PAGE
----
Feb. 4, 2010
EDITOR'S NOTE: The following is the sixth in a series of eight feature articles prepared for Heritage Week, Feb. 8 - 15. Entitled Spotlight on our Heritage, this series is a reflection upon the people, places and collections of New Brunswick's past. This article was prepared by the New Brunswick Sports Hall of Fame. For more information on Heritage Week, visit the Heritage Week 2010 website.
And they are off…riding, running, rowing, throwing, shooting and scoring. Name the sport and New Brunswickers have played or watched it. People have been gathering at the track, boxing ring, baseball diamond, and rink since the province's earliest days.
In the 1790s, fans in Saint John gathered for beachfront horse races that boasted all the pomp and pageantry of a day at the derby. Refreshment and betting tents and crowds in the hundreds were all part of the festive atmosphere.
That same atmosphere prevailed at rowing competitions and sailing regattas held along New Brunswick's teeming waterways in the 1830s. Even commercial steamships got into the act, racing one another along the St. John River.
Away from the waterfront, baseball was the game in the mid-1800s. Clubs and teams thrived, with inter-city and inter-provincial teams battling it out. Fans travelled from across the province to cheer on their favourite teams.
In the winter, equally large crowds gathered to watch speed skating races. The sport flourished through the 1880s and into the first quarter of the 20th century. At the height of its popularity, massive crowds gathered on the shores of Lily Lake near Saint John to watch races. It was a period dominated by Hugh McCormick, Charles Gorman and Willie Logan.
In 1922, these renowned skaters competed on Lily Lake at the Canadian Amateur Speed Skating Championships. They did again at the same place during the 1923 International Outdoor Championship in the presence of Miss Canada 1923, Winifred Blair of Saint John. She was one of 20,000 roaring fans. A year later, 25,000 spectators turned out to see Gorman, New Brunswick's first winter Olympian, win the world championship.
Baseball attracted a great deal of interest in the 1930s, particularly during the historic day in 1934 when, for the first time, a major league team played in Canada. A crowd of 5,000 turned out in St. Stephen on July 14 for the event, to watch the hometown Kiwanis take on the Boston Braves (today's Atlanta Braves). The event was considered so significant it was made a one-time public holiday in the town.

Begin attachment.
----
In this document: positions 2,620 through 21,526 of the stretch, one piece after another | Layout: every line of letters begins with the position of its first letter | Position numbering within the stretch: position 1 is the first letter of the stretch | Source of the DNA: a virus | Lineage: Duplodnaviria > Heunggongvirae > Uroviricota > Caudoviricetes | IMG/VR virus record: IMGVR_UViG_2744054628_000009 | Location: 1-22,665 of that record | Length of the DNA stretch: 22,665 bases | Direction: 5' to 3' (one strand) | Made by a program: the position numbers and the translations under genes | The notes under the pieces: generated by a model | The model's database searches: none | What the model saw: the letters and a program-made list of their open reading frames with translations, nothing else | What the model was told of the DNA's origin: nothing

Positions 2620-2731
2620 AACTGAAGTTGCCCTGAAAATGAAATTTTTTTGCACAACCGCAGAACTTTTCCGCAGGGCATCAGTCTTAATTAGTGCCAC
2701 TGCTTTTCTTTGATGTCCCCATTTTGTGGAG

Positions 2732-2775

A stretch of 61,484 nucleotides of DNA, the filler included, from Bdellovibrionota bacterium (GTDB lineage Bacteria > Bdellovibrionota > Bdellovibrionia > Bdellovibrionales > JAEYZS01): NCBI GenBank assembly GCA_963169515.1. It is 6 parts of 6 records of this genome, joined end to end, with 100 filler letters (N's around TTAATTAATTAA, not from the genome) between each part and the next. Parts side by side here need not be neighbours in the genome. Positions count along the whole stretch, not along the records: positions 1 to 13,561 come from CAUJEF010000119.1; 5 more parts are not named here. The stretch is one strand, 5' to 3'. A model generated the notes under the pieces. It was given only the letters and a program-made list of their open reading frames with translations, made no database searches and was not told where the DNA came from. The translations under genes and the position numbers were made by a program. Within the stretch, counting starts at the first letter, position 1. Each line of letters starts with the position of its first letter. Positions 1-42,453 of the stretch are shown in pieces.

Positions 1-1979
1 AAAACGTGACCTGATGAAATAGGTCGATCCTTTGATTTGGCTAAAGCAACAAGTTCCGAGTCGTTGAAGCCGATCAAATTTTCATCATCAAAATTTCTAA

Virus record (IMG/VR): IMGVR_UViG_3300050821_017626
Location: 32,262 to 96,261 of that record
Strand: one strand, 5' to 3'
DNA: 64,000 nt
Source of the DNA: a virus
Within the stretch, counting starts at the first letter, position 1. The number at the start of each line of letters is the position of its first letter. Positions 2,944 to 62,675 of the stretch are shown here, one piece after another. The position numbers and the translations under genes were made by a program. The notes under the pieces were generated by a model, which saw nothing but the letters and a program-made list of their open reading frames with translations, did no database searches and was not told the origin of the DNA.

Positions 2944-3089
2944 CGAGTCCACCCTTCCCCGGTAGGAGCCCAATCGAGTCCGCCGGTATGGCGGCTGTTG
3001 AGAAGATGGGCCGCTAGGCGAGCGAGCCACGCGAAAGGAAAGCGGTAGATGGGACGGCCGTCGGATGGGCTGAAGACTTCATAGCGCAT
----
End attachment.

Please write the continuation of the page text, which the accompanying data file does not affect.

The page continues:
A large crowd was also in attendance when history of another kind was made in 1979, at the first Acadian Games, staged on the 375th anniversary of Acadia. Huge crowds were on hand in 1985, when New Brunswick hosted its first Canada Summer Games in Saint John. People gathered again when Bathurst-Campbellton hosted Canada Winter Games 2003, with hundreds of athletes competing in 21 sports.
Historic gatherings also occurred for hockey games, including in 2002 when Plaster Rock hosted the first World Pond Hockey Championship. The event brought together 48 teams, 1,000 spectators and 100 volunteer organizers.
These historic moments are celebrated and preserved at the New Brunswick Sports Hall of Fame. The hall makes history of its own at its annual gala dinner, during which a new list of inductees is formally inscribed. The 2008 gala marked the 40-year mark and brought the list of individual honored members to a total of 641. This year's ceremony will take place June 5.
To see portraits and exhibits devoted to the most recent inductees, and some of their 635 predecessors, visit the Sports Hall of Fame at 503 Queen St., Fredericton, or visit online.
MEDIA CONTACTS: Elizabeth Joubert, communications, Department of Wellness, Culture and Sport, 506-457-6445; Jamie Wolverton, executive director, New Brunswick Sports Hall of Fame, 506-453-8930.